Lyle G. Ganske,Jennifer C. Lewis,Robert A. Profusek,Lizanne Thomas, September 30, 2013
This week, The Clorox Company won a critical victory in a say-on-pay class action lawsuit that was filed in a California state court about a month before Clorox's 2012 annual meeting. The lawsuit sought to enjoin shareholder votes on certain compensation-related proposals at the meeting, alleging...
The SEC's Proposed Pay Ratio Rules: Requiring Disclosures with Real Costs and Illusory Benefits
Lyle G. Ganske,Jennifer C. Lewis,Robert A. Profusek,Lizanne Thomas, September 27, 2013
The SEC has proposed the pay ratio disclosure rules required by Dodd-Frank, more than three years after the statute's enactment and after its receipt of hundreds of substantive comment letters from trade groups, companies, unions, and investors. The proposal was accompanied by strongly worded...
Shareholder Status Implementation
Andrew Lewis,Jules Quinn,Kim Roberts,Mark Taylor, September 25, 2013
Despite widespread criticism of the proposal during the course of 2013, the new employment status of 'employee shareholder' came into force on 1 September 2013. Employees are now able to obtain shares in their employer company in return for sacrificing certain of their employment rights. This new...
Internal Revenue Code Section 336(e) Elections: Basic Overview
Patrick J. Browne,Lester W. Droller,Andrew M. Eisenberg, September 19, 2013
The U.S. Treasury Department recently issued final regulations allowing certain taxpayers to make a special election to treat a disposition of domestic company stock as a disposition of that company's assets for U.S. federal income tax purposes. Depending on the facts of each particular disposition...
PCAOB Proposes Important Changes to Audit Reports
, September 09, 2013
The Public Company Accounting Oversight Board ("PCAOB") recently proposed new auditing standards that, if adopted, would substantially expand the content of audit reports. Under the current model for audit reports, auditors give a "pass/fail" assessment of whether a company's...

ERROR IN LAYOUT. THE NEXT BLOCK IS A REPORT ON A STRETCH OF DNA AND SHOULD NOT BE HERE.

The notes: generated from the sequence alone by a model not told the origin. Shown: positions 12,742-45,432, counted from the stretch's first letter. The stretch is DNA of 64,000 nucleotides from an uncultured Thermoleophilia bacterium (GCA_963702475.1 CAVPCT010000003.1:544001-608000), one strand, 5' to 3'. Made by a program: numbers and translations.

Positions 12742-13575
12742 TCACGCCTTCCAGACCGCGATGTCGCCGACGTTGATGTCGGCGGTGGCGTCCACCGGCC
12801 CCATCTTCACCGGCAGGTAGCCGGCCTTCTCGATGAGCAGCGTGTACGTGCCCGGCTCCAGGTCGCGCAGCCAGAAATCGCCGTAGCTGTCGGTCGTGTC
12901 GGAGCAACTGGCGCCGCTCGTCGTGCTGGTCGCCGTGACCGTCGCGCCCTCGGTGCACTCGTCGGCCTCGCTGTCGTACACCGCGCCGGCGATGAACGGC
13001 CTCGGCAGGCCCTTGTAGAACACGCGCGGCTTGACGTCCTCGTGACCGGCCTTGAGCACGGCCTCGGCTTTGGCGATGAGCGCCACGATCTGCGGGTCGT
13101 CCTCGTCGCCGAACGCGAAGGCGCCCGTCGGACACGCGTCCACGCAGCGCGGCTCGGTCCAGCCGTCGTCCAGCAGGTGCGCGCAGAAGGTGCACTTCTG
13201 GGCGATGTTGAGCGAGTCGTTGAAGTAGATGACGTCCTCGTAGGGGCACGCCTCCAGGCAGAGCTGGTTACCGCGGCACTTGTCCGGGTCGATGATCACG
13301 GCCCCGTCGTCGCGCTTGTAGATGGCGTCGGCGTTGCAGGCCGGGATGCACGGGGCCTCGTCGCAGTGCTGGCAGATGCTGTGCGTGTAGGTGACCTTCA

PCAOB's Proposed Auditor Reporting Model
Lyle G. Ganske,Jennifer C. Lewis,Robert A. Profusek,Lizanne Thomas, September 09, 2013
Last month, the Public Company Accounting Oversight Board ("PCAOB") proposed new standards for auditor reports that, if adopted, would dramatically change the role and the responsibility of audit firms in the financial reporting process—and not for the better. The proposed standards...
Governance Perspectives: Director Compensation Bylaws
Lyle G. Ganske,Robert A. Profusek,Lizanne Thomas, August 23, 2013
In two recent high-profile proxy contests, shareholders entered into incentive compensation arrangements with their director nominees that were intended to reward their particular nominees for increases in shareholder value or the activist’s profits. Elliott Management agreed to pay its...
The 2013 Proxy Season: Signs of a Turning Tide in Corporate Governance?
Lyle G. Ganske,Jennifer C. Lewis,Robert A. Profusek,Lizanne Thomas, August 16, 2013
The 2013 proxy season has ended, and many public companies are in a period of relative calm on the governance front before the season for shareholder proposal submissions begins in a few months. This Jones Day Governance Perspectives reflects on some of the highlights of the past proxy season and a...
U.S. District Court Upholds SEC's Conflict Minerals Rule
Bradley C. Brasser,Michael J. Solecki,Andrew C. Thomas,Jacob C. Tiedt, July 31, 2013
On July 23, the U.S. District Court for the District of Columbia rejected a challenge to the conflict minerals rule adopted in August 2012 by the SEC pursuant to Section 1502 of Dodd-Frank. The conflict minerals rule imposes disclosure requirements for reporting companies that manufacture or...
Best Practices to Avoid Misreporting University Data to External Sources
Saira F. Amir,Theodore T. Chung,Richard H. Deane,Deborah A. Sudbury, July 23, 2013
Any school that has had to correct erroneous data that affected, or could have affected, its placement in the rankings knows that ensuring the accuracy of data submitted to outside sources is critical. Regardless of whether the misreporting was intentional or the product of an oversight, the act...